On any sports event where there isn’t a place for a photographer or there is a need to freeze a moment from different perspectives we use remote technology – cameras triggered by cable wire or with a wireless transmitter. We wanted to make impossible things possible; just like the athletes at the Olympic games.

Capturing the covert nature of WikiLeaks

WikiLeaks spokesman Kristinn Hrafnsson poses for a photograph before a briefing at the Frontline club in London, December 1, 2010.  REUTERS/Paul Hackett  I had an assignment at the Frontline club in Paddington to photograph WikiLeaks spokesman Kristinn Hrafnsson speaking during a debate at the club. I was fortunate enough to be quite early for the assignment and within minutes Kristinn had arrived and was being interviewed ahead of the main debate. There were no other stills photographers there at that time.

I approached it in the usual way and made sure I had a couple of clear head shots of him talking. I walked around the scene a few times and noticed that I could see Kristinn through the reporters spectacles. I was shooting with available light which was the light from the TV camera set up. I was shooting wide open as that was really all the light that was available to me. I didn’t want to use flash because it would have killed the feel of the picture.

This is a picture that has been done many times before but I thought that given the covert nature of the WikiLeaks story that it was good way to take what is essentially a head shot.

Behind the glass: The secret of the remote camera

Often people I know are impressed by amazing pictures of basketball players fighting for a rebound or trying to score a basket, taken from behind the glass. They always ask me from where are these pictures shot because they didn’t see a photographer in the area. The answer is always the same: a remote camera!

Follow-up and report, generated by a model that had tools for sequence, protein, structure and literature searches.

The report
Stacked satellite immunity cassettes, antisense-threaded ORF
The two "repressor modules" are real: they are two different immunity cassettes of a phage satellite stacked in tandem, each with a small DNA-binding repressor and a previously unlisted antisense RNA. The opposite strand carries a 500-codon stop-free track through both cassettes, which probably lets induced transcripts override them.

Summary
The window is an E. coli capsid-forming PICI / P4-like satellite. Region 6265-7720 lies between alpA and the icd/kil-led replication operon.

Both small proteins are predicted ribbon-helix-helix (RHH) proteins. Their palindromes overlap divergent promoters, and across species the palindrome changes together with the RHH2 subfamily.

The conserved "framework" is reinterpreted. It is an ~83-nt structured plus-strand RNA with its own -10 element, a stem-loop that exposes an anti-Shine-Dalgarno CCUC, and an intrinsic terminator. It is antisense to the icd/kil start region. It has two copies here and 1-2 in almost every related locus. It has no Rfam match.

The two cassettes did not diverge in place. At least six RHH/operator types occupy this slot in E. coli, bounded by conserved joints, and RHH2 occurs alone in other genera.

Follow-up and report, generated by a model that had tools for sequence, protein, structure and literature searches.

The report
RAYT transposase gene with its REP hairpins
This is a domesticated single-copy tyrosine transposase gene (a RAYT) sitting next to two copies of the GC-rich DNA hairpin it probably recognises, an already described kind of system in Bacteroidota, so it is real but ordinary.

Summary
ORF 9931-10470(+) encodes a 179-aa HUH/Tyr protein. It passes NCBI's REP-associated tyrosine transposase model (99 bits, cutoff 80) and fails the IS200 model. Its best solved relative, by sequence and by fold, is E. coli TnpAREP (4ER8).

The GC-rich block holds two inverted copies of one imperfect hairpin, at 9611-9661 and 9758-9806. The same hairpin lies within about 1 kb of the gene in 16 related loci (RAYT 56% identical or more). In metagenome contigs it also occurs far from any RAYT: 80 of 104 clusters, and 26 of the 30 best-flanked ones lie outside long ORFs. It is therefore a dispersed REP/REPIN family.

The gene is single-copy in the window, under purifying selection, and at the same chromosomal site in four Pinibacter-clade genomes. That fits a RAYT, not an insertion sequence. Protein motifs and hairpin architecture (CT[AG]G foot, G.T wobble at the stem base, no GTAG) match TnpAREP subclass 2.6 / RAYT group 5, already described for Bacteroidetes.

Turkey's Ersan Ilyasova (behind) battles Slovenia's Gasper Vidmar during their FIBA Basketball World Championship game in Istanbul September 8, 2010.          REUTERS/Sergio Perez

Probably everybody in the business knows how to set up this type of camera, but for people outside the industry, it can be a mystery. The first thing to know is the equipment required: aside from a camera and a wide lens, other items needed are two magic arms, a piece of black paper to avoid reflections, a pair of radio transmitters and steel cable to secure the elements.

To get the best pictures, the most important thing is to choose the right place to set up the camera which is usually the lowest and closest area next to the rim. After choosing the camera position, you have to strongly secure both magic arms: one of them holding the camera and the other holding the first magic arm. This is a key step in order to avoid the camera falling during the game as a result of the vibrations produced when the players or the ball touch the glass. After that you can set up the camera at the correct angle while looking through the viewfinder and imagine where the players and the ball will be during the game.